Residents of Franklin Square and Elmont had mixed reactions to new County Executive Bruce Blakeman’s Jan. 6 order directing local boards of education to vote this month on whether their districts should mandate mask-wearing in schools.
As a result of the order, school boards will vote “to determine whether or not parents and children should be granted the constitutional right to reject mask mandates while in the classroom.” The orders read in part, “Given the historical data on Covid-19 and the ongoing debate over whether masks are more harmful than beneficial to children and to school environments in general, we should protect the freedoms and statutory rights of students and parents by resting with the parents the decision whether their children should wear masks in school.”
The order further states, “More than half of all states in the nation have no set policy on masking at educational institutions, leaving the decision up to local governments to decide when and how to enforce mask mandates.”
Blakeman also lifted the mask mandate for all county agencies and the state’s temporary mask mandate for those in public places.
Local Democratic elected officials representing parts of Elmont and Franklin Square released a statement decrying Blakeman’s order. “Over the past two years 3,435 of our friends, neighbors and loved ones in Nassau County have died from COVID-19,” read the statement, from State Senators Todd Kaminsky and Anna Kaplan, Assemblywoman Michaelle Solages and others.
They called Gov. Kathy Hochul’s mask mandate a “simple precaution” in schools that works to “keep our schools open and our kids safe.” Additionally, the officials called it “the height of irresponsibility to ignore Governor Hochul’s vital efforts to protect public health.”
“We are confident the school districts of Nassau County will continue acting responsibly in the coming days, as they had no input in the County Executive’s actions,” the lawmakers said. “For the sake of our children, teachers, and school personnel, County Executive Blakeman must immediately rescind his irresponsible and clearly unlawful executive order.”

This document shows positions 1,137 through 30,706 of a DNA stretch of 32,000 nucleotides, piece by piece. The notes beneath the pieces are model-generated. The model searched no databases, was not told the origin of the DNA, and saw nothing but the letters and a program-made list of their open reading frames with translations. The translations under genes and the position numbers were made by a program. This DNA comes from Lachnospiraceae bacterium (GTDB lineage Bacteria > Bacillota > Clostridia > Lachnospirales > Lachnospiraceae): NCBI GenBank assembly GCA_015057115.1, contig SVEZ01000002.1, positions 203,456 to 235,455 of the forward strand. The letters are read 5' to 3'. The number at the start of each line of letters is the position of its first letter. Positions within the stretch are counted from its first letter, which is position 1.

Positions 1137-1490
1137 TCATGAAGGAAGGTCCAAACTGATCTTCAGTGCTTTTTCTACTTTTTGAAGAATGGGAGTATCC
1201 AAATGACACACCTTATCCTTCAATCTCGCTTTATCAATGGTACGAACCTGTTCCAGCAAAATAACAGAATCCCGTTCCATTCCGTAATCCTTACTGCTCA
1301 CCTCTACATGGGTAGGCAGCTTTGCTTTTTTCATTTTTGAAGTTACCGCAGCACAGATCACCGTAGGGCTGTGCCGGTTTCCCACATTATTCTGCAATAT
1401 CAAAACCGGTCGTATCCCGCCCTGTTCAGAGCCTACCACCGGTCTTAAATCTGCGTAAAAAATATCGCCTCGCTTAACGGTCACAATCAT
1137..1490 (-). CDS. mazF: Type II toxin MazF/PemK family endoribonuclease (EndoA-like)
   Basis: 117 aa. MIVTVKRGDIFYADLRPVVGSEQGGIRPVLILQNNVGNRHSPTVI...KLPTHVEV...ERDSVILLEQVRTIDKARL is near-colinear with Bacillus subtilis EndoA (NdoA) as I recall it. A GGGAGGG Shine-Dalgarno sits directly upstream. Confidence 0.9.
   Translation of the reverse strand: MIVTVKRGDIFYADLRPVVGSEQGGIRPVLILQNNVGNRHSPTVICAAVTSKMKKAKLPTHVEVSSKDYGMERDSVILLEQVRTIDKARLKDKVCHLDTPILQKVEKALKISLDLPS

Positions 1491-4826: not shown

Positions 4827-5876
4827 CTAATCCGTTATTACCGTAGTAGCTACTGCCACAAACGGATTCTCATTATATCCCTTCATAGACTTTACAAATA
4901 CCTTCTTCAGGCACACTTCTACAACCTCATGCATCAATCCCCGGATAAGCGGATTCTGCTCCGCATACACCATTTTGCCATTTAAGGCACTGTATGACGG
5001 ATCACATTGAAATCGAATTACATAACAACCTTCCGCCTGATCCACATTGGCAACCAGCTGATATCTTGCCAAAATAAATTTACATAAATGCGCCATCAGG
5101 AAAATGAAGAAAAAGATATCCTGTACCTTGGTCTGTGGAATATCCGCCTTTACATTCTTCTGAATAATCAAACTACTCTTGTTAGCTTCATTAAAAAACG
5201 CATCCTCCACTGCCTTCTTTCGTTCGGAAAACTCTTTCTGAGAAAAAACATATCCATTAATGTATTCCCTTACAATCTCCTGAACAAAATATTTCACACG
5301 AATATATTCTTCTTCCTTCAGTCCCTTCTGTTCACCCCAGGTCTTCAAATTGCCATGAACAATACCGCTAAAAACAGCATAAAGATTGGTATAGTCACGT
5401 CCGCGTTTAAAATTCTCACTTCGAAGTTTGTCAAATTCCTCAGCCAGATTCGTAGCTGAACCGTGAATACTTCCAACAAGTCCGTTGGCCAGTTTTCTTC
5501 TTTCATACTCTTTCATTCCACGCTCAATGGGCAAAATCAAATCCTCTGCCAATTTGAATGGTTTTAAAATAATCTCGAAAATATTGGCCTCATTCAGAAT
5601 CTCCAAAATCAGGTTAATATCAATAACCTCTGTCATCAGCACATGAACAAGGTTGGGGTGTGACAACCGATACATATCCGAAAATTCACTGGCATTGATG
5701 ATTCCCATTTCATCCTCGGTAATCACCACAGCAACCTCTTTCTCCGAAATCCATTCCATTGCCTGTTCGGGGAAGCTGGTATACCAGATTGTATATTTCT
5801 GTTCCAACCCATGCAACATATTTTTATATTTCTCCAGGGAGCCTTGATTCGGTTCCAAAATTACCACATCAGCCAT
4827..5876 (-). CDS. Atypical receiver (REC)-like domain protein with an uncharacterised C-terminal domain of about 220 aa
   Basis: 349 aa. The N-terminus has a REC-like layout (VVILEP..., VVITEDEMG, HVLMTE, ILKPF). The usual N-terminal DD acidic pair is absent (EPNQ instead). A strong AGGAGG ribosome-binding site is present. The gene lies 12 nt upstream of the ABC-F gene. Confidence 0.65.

In a memo to local school districts released Jan. 6 in reaction to Blakeman’s order, State Education Commissioner Betty Rosa stated, “Counties are required to enforce school masking regulations. The regulation, which applies to schools and many other sectors, requires local health departments to enforce school mask mandates.
“Counties do not have the legal authority to require boards of education to vote on specific issues,” Rosa continued. “School officers take an oath to obey all legal requirements. The State Education Department expects school boards will follow all legal requirements, including the face-covering regulation.”
Blakeman, a Republican, said he was directly opposing an order put in place in early December by Hochul, a Democrat, requiring mask use in public spaces. The state mandate was originally set to expire in mid-January, but Hochul recently extended it through Feb. 1.
“As governor, my two top priorities are to protect the health of New Yorkers and to protect the health of our economy,” she said on Dec. 10. She added that she expected the coronavirus test positivity rate to rise with the rapid spread of the Omicron variant.
The legal counsel for the county executive drafted the executive order signed by Blakeman, said spokesman Chris Boyle.
A spokeswoman for the State Education Department said on Jan. 6 that local school boards could not vote to violate either SED or State Health Department policy.
Some local residents said they agreed with Blakeman’s rationale. “Schools should have the option,” Lisa DelliPizzi, president of the Franklin Square Chamber of Commerce, said, stressing that while her personal view is that “it doesn’t hurt to wear a mask … [Blakeman] has his points.”
But Michael Anderson, a teacher’s aide at Dutch Broadway School in Elmont, said Blakeman should enforce Hochul’s mask mandate. “All governments underneath [the state] should honor it if it’s good for the people,” Anderson said.
Adding that his daily work with children informs his viewpoint, Anderson said that both contact tracing and mask-wearing are essential to stop the spread of the coronavirus. “Our job is to enforce these rules as adults to help save everyone’s lives,” he said. “[Blakeman’s] job is to enforce the state’s rules.”
“The only way to get a handle on this,” Anderson concluded, “is for all of us to get on board with the rules.”
Blakeman’s order came at a time when Long Island’s test positivity rate — the highest in the state — was spiking at more than 25 percent, and a growing number of school districts were reporting increased transmission of the disease, with some, such as Long Beach, forced to close some schools because of staffing shortages. Hospitalization rates were rising as well.